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2018 Jeep Wrangler Trim Levels with Comparisons & Configurations.

2018 Jeep Wrangler Trim Levels, Configurations & Comparisons: Sport vs Rubicon vs Sahara
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What 2018 Jeep Wrangler Trim Level Should you Buy? What is the Difference Between the Trims?

There are no cars that have the same kind of instant brand recognition as the Jeep Wrangler, even after the more than three decades that it has been around under the Wrangler name, not including its CJ predecessors. While the rest of the compact SUV market has moved to plush, soft-riding crossovers, the Wrangler was something completely different: a 100%, honest-to-goodness off-road car.

Despite its poor road manners, low gas mileage, and a spartan interior with few of the modern technological amenities, the Wrangler remains among the most-sold SUVs in America.

The 2018 Jeep Wrangler may look very similar to last year’s model, but it is almost a completely different vehicle. After its first redesign in nearly a decade, the current Wrangler offers a lot more when it comes to infotainment and creature comforts, while still serving as a top-class off-roader. Fiat Chrysler - Jeep’s parent company - has also simplified the Jeep trim level selection for this year, making it easier to select the right combination of ruggedness and comfort.

In order to help both new Jeep enthusiasts looking to join the Wrangler club and old hands looking to upgrade their rock climbing machine, we have put together a quick summaries of the different trim levels available on the 2018 Wrangler, along with some advice on how you can maximize the amount of features and fun you can get out of the new Jeep.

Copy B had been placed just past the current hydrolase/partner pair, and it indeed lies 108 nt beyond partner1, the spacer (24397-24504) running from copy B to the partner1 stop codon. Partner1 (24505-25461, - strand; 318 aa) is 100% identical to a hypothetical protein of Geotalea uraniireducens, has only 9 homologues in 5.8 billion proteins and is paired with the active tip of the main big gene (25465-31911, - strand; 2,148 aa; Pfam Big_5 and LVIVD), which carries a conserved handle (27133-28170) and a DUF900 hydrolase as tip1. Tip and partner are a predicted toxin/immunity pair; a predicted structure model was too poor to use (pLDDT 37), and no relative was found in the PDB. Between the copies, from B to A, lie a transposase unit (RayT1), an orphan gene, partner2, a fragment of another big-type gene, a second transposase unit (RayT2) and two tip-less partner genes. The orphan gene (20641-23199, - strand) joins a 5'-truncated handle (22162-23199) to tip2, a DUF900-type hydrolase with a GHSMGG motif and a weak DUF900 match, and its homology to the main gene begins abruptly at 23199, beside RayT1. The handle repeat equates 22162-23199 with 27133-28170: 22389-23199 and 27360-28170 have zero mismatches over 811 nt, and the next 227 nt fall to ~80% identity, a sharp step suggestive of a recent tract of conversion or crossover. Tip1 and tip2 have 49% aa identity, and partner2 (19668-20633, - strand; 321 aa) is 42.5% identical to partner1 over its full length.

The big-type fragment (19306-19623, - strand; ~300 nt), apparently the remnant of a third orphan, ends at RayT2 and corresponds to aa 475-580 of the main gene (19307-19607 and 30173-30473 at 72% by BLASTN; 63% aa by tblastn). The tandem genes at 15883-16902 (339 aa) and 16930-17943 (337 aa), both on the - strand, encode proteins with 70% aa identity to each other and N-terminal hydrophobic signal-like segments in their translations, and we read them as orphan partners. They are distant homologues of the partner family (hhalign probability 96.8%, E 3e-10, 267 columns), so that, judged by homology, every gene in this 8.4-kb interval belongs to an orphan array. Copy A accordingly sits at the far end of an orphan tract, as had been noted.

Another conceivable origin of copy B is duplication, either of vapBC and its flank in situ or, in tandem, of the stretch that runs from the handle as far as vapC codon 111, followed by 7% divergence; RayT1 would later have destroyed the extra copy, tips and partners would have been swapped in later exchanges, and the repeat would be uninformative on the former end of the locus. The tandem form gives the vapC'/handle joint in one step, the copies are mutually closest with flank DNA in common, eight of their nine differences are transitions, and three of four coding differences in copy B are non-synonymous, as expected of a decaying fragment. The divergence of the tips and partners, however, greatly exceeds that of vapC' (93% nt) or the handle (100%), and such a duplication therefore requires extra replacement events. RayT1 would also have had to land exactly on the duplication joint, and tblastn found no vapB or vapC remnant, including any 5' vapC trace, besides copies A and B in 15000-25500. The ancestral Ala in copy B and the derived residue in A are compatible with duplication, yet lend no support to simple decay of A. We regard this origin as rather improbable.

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Compare the 2018 Wrangler Sport vs Sport S Trims. What is the difference?

The Sport model of the Wrangler hosts all of the comfort and convenience features that one would expect, which is to say: not too many. The Wrangler is probably one of the few cars that start at $27,000 that do not include either power locks or air conditioning. Not that you would need the latter with the cloth convertible top, though a hard convertible top is also an option.

It does come with a few nice modern technology features though. There is a standard 5-inch touchscreen running UConnect 3 infotainment and a rearview camera. Push-button start is also standard. Like most Jeep models, the Sport comes in both two-door and four-door varieties, and either a manual or automatic transmission. In addition to a three-piece convertible hard-top, the only upgrade option available on the Sport is air conditioning.

The Sport S is very similar to the Sport, but with all of the standard equipment that one would expect from a car built in 2018. Air conditioning is standard on this model, as are power doors and windows. It also comes with alloy wheels instead of the Sport’s steel ones. More importantly, the Sport S allows a much greater range of customization that covers many of the more popular technological options. The Technology Group upgrades the Wrangler’s infotainment to a 7-inch touchscreen system with satellite radio and support for Android Auto and Apple CarPlay.

The Cold Weather Group adds heated seats and steering wheel. The Jeep Active Safety Group includes blind spot monitoring with rear cross traffic alerts and rear parking sensors. Remote start, satellite radio, and a premium Alpine speaker system are also available. All of these make the Wrangler Sport S a little more accessible as a car that will see regular driving outside of off-road expeditions.

That is mainly the deciding factor between the Sport and the Sport S. The Sport is a bare-bones version of the Wrangler that is not really meant to spend time on the pavement except as a way to get to and from off-road trails where it will be primarily driven. The Sport S, meanwhile, can double as a passable compact crossover during the off-season as well.

If the new Wrangler is going to be your only car, or the one you spend most of your time driving, then upgrading to the Sport S will almost always be the right decision. Even if the plan is for the Wrangler to be just a weekend car, however, the many options on the Sport S can make it attractive. The Cold Weather Group can make a huge difference in comfort during the winter, while the Active Safety Group can make it easier to switch off between the Wrangler and a smaller car. In general, unless you are looking for that authentic bare-bones Wrangler experience, the Sport S is likely to be worth the extra money.

Compare the 2018 Jeep Wrangler Sport S vs Sahara Trims. What is the difference?